Other preferred ceramic precursors are polycarbosilanes having units of the structure (Si(CH3)2 CH2)n and/or (SiH(CH3)CH2)n having a number average molecular weight in the range of about 1000 to 7000. Suitable polycarbosilanes are available from Dow Corning under the trade designation PC-X9-6348 (Mn=1420 g/mol) and from Nippon Carbon of Japan under the trade designation PC-X9-6348 (Mn=1420 g/mol). The main pyrolysis product of these materials (>1300° C.) in an inert atmosphere are silicon carbide and excess carbon.
Vinylic polysilanes useful in this invention are available from Union Carbide Corporation under the trade designation Y-12044. These yield silicon carbide together with excess carbon as the main pyrolysis products in an inert atmosphere at elevated temperatures (>1300° C.).
Other suitable preceramic precursors will be evident to those skilled in the art, particularly those yielding SiC, Si3 N4, Si--C--N, BN,Si--B--N, B4 C--BN--C and Si--B--C as pyrolysis products.
The nanoporous catalytic ceramics of the present invention are prepared by first forming a preceramic composite intermediate composition comprising a mixture of the ceramic precursor oligomer or polymer and from about 0.5 up to about 65 wt % of an organometallic compound containing a metal of Group IB, II, III, IV, V, VIB, VIIA or VIII of the Periodic Table. The term "organometallic" compound as used herein refers to compounds, complexes, chelates and the like containing both metallic and organic moieties. Preferably, the composite intermediate contains from about 1 to about 35 wt %, more preferably from about 5 to 25 wt % of the organometallic compound. The selection of any particular metal compound will depend on the type of catalytic functionality desired, e.g., alkylation, hydrogenation, hydrocracking, hydrosulfurization, disproportionation, reforming, polymerization or the like. Metals most useful for these types of catalytic action are well known to those skilled in the art and include transition metals, noble and rare earth metals, and more particularly metals such as aluminum, nickel, iron, molybdenum, rhenium, platinum and palladium.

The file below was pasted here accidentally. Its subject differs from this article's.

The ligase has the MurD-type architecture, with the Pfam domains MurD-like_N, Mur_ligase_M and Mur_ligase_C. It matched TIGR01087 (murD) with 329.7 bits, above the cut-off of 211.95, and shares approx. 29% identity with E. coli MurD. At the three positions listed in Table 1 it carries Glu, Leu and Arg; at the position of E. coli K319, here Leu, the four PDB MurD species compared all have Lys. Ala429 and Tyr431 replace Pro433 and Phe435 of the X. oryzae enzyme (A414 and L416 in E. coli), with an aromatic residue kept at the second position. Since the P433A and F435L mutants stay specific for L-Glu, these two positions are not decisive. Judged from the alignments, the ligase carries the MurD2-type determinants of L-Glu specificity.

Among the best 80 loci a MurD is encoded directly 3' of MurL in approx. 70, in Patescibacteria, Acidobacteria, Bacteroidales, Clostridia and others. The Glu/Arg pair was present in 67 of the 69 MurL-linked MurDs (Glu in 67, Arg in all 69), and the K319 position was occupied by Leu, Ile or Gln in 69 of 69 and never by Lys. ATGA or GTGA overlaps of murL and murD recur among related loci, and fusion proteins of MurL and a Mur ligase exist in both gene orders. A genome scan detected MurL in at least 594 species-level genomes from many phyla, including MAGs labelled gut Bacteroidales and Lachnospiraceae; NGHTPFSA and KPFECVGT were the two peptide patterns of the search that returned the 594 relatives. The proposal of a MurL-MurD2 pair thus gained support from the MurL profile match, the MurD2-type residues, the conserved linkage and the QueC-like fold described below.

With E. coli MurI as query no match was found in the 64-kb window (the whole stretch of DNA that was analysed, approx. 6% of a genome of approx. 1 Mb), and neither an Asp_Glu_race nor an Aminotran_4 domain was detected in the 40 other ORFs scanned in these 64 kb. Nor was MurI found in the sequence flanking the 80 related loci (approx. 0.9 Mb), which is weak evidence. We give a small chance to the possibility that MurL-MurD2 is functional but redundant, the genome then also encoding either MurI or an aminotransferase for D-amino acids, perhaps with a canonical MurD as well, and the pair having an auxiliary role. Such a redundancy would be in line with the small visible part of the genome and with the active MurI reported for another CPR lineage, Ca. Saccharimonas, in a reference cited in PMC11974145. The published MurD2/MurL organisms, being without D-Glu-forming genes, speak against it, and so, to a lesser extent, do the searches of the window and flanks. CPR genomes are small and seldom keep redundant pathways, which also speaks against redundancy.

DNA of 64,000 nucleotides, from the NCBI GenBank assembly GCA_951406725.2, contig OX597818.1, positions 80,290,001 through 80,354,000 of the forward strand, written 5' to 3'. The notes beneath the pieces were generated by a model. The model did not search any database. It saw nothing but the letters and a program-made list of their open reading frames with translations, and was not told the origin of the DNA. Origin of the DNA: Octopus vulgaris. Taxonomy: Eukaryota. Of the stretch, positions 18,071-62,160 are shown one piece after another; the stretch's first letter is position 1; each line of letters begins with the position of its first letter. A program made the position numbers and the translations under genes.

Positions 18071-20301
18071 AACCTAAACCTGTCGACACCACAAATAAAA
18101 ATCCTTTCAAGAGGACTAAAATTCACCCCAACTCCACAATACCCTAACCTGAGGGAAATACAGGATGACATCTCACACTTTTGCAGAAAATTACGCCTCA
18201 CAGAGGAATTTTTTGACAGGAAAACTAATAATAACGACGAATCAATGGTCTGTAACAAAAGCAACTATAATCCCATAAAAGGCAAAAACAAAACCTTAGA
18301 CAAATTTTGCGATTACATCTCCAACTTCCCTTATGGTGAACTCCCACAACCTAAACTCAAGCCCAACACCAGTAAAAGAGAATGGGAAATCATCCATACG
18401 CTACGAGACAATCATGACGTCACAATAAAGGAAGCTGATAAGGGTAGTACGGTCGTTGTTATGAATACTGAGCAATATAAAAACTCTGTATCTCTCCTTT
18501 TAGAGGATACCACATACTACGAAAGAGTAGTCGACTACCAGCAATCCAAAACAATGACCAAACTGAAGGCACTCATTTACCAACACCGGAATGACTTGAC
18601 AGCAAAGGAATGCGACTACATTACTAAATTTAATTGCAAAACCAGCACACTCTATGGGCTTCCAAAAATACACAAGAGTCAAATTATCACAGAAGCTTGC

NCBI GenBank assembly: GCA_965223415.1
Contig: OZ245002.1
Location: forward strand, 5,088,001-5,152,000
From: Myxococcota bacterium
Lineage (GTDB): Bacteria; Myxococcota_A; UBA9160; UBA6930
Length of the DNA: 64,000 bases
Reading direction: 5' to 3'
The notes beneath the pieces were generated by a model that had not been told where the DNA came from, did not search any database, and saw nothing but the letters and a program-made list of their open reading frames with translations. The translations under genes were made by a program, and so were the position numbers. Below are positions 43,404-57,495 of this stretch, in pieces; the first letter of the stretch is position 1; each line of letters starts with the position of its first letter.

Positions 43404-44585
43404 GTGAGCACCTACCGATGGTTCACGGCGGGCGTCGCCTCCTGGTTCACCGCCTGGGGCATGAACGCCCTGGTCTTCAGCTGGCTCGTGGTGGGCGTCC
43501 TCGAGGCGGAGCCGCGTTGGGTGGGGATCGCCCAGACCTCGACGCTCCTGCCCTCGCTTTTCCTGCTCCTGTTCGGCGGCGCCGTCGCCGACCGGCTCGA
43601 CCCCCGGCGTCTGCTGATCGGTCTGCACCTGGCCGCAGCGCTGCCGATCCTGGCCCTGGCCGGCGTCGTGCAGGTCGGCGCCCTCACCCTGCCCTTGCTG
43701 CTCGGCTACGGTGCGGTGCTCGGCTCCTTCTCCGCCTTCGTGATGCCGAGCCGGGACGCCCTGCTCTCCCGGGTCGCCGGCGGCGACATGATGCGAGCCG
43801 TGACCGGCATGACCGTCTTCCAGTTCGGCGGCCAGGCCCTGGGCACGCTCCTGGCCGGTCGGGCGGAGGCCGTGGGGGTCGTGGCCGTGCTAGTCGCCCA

One preferred class of metals includes Pt, Pd, Rh, Re, Ru, Fe, Ni, Cu, Co, Ag, Al and Ga. Another preferred class of metals includes Ti, Zr, Hf, V, Nb, Ta, Cr, Mo, W, Y and the rare earth metals, e.g., Ce, La, Sm, Eu, Gd, Yb, Tm and the like.
To form a composite intermediate, these metals are mixed with the ceramic precursor material in the form of organometallic compounds such as a metal carbonyl, metal salts of organic or inorganic acids, metal chelates with organic ligands or metal-containing polymers such as aluminoxanes or polyalazanes. Suitable such organometallic compounds include metal chelates of beta-diketones such as acetylacetone (HAcAc), e.g. Cu(AcAc)2, Fe(AcAc)3, Mg(AcAc)2, Zr(AcAc)2, Al(AcAc)3, Co(AcAc)3, Ni(AcAc)2, Vo(AcAc)2, V(AcAc)3, Pt(AcAc)2 and rare earth metal chelates of beta-diketones. Other metal chelating beta-diketones include tetraalkylheptanediones, e.g., tetramethylheptanedione H(tmhd), e.g., metal complexes such as La (tmhd)3 Ce (tmhd)4, Yb (tmhd)3 and like compounds. Other organometallic compounds which may be used include acid salts such as Fe (CpCO2 H)2 (cyclopentadiene carboxylic acid salt) and metal carbonyls such as Mo(CO)6 and W(CO)6. Still other organometallic compounds which may be used include organic solvent dispersible metal silicate-containing clays such as a tetra-ammonium alkyl exchanged clay (synthetic hectorite) available from Southern Clay Products, Inc. Mixtures of two or more of said organometallic compounds may also be used.